Fun stuff: I really enjoy historical novels that look at the events that may be the seeds to myth and legend, in this case, the myth of Orpheus and Eurydice. The supernatural elements are weeded out, leaving behind a story more realistically plausible. This story also provided a unique and different take on Thera, known today as Santorini — one place believed to have been fabled Atlantis. Orfeo and Clarice weather the fury of one of the most deadly volcano eruptions of the time, one that fair wiped out a civilization.
Not so fun stuff: The story started a bit too slow for me. The prose can be flowy. I do feel that there is much that could be condensed or chopped entirely. The story needs another good proofing. There were a scattering of grammar and spelling errors, along with some inconsistencies. Two that really stick out in my mind are a description of Orfeo waking with his left hand clasping his left arm, and referencing both Zeus and Mars in regards to the same character. If they are Greeks, it would Ares instead of Mars. I have the same qualm about the use of Vulcan instead of Hephaestus. I also had a disagreement with some of the variant spellings (Achian/Achaean, Telemon/Telamon, Orfeo/Orpheus).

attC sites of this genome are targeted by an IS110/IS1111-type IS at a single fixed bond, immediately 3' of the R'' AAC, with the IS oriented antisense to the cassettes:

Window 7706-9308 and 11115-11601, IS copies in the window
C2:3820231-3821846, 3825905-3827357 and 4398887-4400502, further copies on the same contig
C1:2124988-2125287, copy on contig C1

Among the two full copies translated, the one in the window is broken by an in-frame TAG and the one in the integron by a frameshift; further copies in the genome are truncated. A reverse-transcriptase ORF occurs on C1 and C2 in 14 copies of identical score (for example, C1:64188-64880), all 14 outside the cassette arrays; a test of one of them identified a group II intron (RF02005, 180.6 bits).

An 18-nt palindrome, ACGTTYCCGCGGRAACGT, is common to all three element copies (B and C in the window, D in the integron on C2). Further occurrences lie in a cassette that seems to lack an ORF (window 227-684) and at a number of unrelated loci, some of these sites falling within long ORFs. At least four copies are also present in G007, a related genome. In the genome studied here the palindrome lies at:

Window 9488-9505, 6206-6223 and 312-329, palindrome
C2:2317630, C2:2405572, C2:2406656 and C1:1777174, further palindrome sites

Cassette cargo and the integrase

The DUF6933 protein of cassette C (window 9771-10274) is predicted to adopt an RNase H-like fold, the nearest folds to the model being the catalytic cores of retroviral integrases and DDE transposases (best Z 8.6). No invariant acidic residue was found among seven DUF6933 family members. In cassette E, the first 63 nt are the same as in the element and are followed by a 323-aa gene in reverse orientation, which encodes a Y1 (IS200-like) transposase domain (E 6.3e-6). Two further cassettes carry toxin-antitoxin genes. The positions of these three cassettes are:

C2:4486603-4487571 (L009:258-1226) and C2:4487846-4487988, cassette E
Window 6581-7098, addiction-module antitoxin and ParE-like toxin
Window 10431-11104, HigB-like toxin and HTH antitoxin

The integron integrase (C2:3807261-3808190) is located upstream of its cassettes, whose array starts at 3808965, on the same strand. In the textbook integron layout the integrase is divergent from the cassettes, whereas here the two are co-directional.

However, all that being said, Eiland’s Sword of Telemon, is a delightful sojourn to an ancient time. I loved it so much that I just bought the complete four-book set. If you enjoy historical fiction, or Greek history and mythology, this book is sure to please. Come, walk with Orfeo as he finds himself and comes into his own, as a warrior, as a scholar, as a man of the Achaeans and a man apart from the Achaeans. This is a brilliant rendering of a classic myth, and a coming of age story easy to relate to, especially if you’re a little on the eccentric side, like me! Orfeo must learn where he truly fits in given the vastly different experiences he’s had and doesn’t always find it an easy thing to do.
Eligible: A modern retelling of Pride and Prejudice
Here we have Pride and Prejudice for a modern, sexually liberated crowd. The Bennet sisters are still facing financial trouble, this time a little more immediate, since Mr. Bennet’s seemingly never ending supply of money proved insufficient to support both his wife’s shopping addiction and bypass surgery without health insurance. Liz and Jane, the only two sisters to strike out on their own, return to Cincinnati to help care for their father during his recovery and help save the family from financial ruin. And if they can find love along the way, even better. Enter Chip Bingley, ER doctor and reality TV star, and his best friend, the arrogant neurosurgeon Fitzwilliam Darcy.